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Aviation is a major climate problem, but electrification and biofuels are solutions

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By Michael Barnard

· 12 min read

Aviation is a major source of greenhouse gasses, punching above its weight due to additional forcing factors of contrail- and nitrous oxide-related warming in addition to direct carbon dioxide emissions. It’s in the same range of total greenhouse gas emissions as hydrogen manufacturing as a hard-to-decarbonize segment. It’s going to decarbonize, whether the industry likes it or not, because the climate implications are sufficiently significant that it must.

But how it’s going to decarbonize is a different matter. There are many contenders to be the aviation fuel of the future, and I’ve assessed most of them. Hydrogen would double the cost per passenger or freight mile and introduce very significant safety concerns as -249° Celsius cyrochilled hydrogen will have to be inside the air frame with passengers. The combination makes it infeasible in my opinion.

There are other equally intractable problems with aluminum air fuel cells, another contender being touted by one of the refueling startups. Being non-rechargeable and requiring the depleted batteries be returned to an aluminum smelter to be remanufactured means heavy weights of aluminum will be traveling further than just the air travel, and aluminum smelters are not evenly spread at all. Once again, infeasible.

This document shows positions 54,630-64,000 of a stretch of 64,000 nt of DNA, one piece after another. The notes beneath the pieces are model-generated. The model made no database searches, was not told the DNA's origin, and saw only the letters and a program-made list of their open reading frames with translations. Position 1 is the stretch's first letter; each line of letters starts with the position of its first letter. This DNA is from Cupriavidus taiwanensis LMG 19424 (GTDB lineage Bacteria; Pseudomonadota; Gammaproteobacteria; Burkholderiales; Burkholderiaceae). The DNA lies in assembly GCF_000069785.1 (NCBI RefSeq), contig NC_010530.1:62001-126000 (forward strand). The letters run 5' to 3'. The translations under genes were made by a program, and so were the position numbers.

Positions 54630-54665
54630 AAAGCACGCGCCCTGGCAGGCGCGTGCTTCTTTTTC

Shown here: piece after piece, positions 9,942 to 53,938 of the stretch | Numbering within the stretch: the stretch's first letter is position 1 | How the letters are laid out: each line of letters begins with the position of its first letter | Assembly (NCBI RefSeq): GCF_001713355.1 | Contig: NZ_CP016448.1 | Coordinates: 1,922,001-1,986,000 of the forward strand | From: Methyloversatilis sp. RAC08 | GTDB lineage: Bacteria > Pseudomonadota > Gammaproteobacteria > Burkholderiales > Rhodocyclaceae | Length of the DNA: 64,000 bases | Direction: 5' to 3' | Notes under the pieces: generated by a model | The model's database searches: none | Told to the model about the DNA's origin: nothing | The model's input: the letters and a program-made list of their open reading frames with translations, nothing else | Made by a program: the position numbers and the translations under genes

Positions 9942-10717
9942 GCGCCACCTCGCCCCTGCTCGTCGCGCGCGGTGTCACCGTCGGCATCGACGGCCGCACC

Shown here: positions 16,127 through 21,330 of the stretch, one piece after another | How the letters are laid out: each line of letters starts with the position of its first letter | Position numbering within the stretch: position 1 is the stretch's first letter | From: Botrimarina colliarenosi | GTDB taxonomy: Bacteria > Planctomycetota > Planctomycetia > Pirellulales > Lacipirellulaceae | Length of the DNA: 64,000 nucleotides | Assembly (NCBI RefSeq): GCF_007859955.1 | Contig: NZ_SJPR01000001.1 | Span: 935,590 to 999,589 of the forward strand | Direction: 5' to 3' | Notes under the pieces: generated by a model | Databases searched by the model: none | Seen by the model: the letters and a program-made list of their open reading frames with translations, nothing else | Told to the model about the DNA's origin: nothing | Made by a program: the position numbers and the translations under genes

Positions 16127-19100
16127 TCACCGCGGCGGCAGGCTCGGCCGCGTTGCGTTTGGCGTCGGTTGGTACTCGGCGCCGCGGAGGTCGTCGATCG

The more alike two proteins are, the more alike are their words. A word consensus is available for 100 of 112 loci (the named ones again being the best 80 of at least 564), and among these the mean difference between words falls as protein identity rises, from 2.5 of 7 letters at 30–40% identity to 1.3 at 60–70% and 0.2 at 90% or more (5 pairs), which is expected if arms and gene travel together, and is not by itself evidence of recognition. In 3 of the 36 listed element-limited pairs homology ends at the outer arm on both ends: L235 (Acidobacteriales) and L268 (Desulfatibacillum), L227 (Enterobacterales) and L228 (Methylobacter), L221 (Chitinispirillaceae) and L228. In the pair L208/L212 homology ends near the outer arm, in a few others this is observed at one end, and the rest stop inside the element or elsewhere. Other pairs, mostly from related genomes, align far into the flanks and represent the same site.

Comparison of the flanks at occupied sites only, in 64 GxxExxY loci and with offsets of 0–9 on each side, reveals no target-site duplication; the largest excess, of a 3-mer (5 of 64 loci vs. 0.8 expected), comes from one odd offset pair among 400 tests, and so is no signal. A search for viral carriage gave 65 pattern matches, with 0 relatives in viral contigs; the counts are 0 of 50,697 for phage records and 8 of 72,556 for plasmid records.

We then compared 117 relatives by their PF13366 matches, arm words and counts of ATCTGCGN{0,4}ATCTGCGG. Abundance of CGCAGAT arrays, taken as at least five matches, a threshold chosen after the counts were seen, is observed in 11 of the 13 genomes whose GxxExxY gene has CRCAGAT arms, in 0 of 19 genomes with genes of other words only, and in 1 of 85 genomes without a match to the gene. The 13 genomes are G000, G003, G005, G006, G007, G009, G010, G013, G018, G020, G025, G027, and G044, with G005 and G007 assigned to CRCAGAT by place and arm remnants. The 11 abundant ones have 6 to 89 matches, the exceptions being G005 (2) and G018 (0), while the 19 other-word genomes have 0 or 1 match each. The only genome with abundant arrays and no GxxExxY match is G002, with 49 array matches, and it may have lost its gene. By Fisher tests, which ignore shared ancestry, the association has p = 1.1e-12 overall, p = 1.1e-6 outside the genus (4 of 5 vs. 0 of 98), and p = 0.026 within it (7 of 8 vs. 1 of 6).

Figure 1: Projection of aviation fuel demand through 2100 by author

The contenders for replacement which pass basic tests of viability are sustainable aviation biofuels and the increasingly energy-dense cell batteries that are already fit for 400 km trips. Some SAF biofuel processes are supplemented with hydrogen, and that’s where the demand line for hydrogen fits in.

Late in 2021, I published version 1.0 of my projection of aviation refueling through 2100 based on my analyses, discussions with aerospace startups and engineers, and assessment of the impacts of multiple strongly impactful trends. Subsequently, I engaged in discussions with more experts and analysts to consider how I would refine the next iterations.

The most substantive discussion was with Wilma Suen, PhD in strategic alliances and most recently the global Vice President of Portfolio Strategy & Forecasting for GE’s airplane leasing business, until very recently the largest such organization in the world. She and her timezone-distributed team spent their days analyzing the best data that a multibillion dollar organization could buy to project flights per person per year for every material country in the world for 5, 10, and 20 years, with decreasing reliability with each increase in duration of course. Her insights led me to increase growth slightly.

There are several things to call out in this projection.

First, aviation is unlikely to return to pre-COVID-19 levels quickly. The efficiency and effectiveness of video conferencing and remote work has been proven across the economy, but especially in those sectors that used to be heavy fliers, and I say that as someone who used to fly weekly for business. We’ve moved a decade into the future and broken the habit of getting on planes, and corporations will no longer pay for rafts of consultants to show up Monday and fly away Thursday. Client-facing now means over video links for the vast majority of the information, sales, and consulting workforces.